#TuksAthletics: Othaniel Phahlane makes a heroic comeback to win Bestmed-Tuks 42km

Posted on February 17, 2020

Othaniel Phahlane proved on Saturday with his victory in the Bestmed-Tuks Marathon that good things happen to those who can persevere. 
 
Over the last decade, he has reached absolute highs as a runner, but unfortunately, he also had hit rock bottom. It is no exaggeration. Since 2014 he has continuously been injured. The worst of it was an Achilles-injury that forced him to completely stop running for the last four years. It was only towards the end of 2019 that he started to race competitively again.   
 
According to Phahlane, it was his absolute love for running that kept him from quitting on his dreams. As far as he was concerned, he had unfinished business on the road.
 
Ten years ago Phahlane was considered to be one ofo the stars of South African distance running. His on-road heroics led to him often making the headlines in running articles. 
 
A definite highlight was in 2010 when Phahlane won the Om die Dam 50km in two hours 49 minutes and 39 seconds, carving a massive five minutes from the course record. In 2012 he was shortlisted to compete at the London Olympic Games. He had run a 2:14:55 marathon in Dubai. 
 
On Saturday during the Bestmed-Tuks marathon, he proved to be tactically astute biding his time before he made his move. Once he took the lead, there was no stopping him. He won in 2:28:30. Raoul Mabirimisa was second in 2:30:56 with Colin Kanyimo third in 2:31:17.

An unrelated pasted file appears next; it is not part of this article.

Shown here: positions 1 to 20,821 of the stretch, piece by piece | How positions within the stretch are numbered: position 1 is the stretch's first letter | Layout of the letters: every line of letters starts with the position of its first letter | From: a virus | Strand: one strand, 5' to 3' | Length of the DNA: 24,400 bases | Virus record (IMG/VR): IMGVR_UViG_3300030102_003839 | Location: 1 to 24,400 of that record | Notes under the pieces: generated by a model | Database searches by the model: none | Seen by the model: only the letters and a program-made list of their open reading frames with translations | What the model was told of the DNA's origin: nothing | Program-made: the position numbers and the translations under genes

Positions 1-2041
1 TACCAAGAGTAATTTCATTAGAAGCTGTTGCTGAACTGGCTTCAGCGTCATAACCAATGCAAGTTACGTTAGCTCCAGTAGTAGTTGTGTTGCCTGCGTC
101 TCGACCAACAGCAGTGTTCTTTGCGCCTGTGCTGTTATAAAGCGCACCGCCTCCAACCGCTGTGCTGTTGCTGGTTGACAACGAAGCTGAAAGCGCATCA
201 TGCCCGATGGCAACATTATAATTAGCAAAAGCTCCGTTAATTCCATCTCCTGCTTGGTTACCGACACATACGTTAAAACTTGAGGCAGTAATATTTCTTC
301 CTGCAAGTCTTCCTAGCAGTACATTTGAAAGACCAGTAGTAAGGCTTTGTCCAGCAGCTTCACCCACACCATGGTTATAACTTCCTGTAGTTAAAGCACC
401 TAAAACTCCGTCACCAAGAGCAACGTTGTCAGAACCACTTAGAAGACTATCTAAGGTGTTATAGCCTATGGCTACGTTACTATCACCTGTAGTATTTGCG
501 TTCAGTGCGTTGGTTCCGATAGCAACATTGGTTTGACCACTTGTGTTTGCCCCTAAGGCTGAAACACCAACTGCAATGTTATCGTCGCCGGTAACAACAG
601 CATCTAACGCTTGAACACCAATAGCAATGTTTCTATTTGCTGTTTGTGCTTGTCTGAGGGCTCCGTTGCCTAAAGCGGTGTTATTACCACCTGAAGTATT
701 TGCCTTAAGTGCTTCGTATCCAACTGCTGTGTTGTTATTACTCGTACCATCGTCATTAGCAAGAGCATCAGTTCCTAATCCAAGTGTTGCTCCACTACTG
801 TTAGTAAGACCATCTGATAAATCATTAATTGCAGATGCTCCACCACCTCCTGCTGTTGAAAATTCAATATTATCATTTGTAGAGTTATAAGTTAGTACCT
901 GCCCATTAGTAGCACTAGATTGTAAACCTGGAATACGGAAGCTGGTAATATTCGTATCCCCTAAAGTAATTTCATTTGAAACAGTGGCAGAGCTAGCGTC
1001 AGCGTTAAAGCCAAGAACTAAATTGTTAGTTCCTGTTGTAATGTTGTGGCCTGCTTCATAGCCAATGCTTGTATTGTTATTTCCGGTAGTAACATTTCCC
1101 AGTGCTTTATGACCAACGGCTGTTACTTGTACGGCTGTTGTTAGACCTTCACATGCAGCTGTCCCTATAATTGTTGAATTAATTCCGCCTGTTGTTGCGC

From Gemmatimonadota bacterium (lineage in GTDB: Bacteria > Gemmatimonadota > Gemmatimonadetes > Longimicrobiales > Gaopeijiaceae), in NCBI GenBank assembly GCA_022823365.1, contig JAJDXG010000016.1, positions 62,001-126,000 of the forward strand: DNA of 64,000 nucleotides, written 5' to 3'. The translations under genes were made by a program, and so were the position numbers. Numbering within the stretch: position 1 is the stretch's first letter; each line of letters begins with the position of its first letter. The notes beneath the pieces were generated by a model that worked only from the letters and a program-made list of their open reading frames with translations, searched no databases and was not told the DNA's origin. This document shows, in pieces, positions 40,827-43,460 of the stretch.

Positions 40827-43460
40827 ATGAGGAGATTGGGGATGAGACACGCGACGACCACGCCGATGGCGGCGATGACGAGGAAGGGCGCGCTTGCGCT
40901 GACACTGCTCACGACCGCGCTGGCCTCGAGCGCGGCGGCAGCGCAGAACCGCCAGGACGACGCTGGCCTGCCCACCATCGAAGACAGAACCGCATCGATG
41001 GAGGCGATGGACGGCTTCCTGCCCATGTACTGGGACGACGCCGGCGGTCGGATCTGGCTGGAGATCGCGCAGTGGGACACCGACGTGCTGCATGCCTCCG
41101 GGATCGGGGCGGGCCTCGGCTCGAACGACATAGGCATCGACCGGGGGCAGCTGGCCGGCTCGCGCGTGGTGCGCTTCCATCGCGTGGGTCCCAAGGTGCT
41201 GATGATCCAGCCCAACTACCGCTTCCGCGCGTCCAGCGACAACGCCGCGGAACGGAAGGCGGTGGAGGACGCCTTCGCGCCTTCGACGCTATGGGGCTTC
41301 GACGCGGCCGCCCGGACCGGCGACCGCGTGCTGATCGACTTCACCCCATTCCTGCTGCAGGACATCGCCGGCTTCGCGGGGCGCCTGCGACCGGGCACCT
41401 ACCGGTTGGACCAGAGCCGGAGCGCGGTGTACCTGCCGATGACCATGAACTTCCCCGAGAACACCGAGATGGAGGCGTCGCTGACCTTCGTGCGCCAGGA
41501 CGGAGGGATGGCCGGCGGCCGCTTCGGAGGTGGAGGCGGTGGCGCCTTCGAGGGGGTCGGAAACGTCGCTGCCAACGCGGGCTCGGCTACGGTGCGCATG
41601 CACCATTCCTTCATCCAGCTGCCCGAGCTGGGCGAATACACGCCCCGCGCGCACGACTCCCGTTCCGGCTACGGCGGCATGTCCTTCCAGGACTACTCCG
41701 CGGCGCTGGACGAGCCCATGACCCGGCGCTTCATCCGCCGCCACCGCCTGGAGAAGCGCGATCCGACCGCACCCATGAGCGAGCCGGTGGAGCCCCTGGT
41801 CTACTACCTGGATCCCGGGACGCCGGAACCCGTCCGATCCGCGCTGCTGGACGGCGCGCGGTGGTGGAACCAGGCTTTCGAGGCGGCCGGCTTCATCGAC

The win was the confidence booster Phahlane needed before next month's Two Oceans 56km-race. He is confident of being a top-three finisher. 
 
The Bestmed-Tuks half-marathon was won by Colin Malaudzi in a time of 1:09:31. Joseph Manyedi was second in 1:09:46 and Tete Dijana third in 1:10:22. 
 
Malaudzi was happy with the way his race played out despite winning by a mere 15 seconds. 
 
"I was in control from the start sticking to my race plan. I purposely held back over the first ten kilometres to see what my rivals are doing. After 14 kilometres I realised I could win, so I upped my pace. It did not take long for me to take the lead. I realised at the 17km-marker that the race was mine to lose."
 
Milton Kekana, who won the 10 000 metres during last year's World Student Games in Italy won the Bestmed-Tuks 10km race in a time of 31:31. Mathews Leeto was second in 31:40 and Lucky Mohale third in 32:42.
 
The 10km-race turned out to be a humdinger. Leeto decided to race from the front. It led to him being in the lead for the first six kilometres. Unfortunately for him he then started to cramp which slowed him down. It might be because he had to get up at two in the morning in Zeerust to be in time for the race. Kekana passed the gutsy runner at the 7km-marker. 
 
The women's marathon was won by Patience Khumalo; the women's half-marathon by Rosaline Isaiah and the 10km by Catherine Skosana.
- Author Wilhelm de Swardt
Published by Leonore Jordaan

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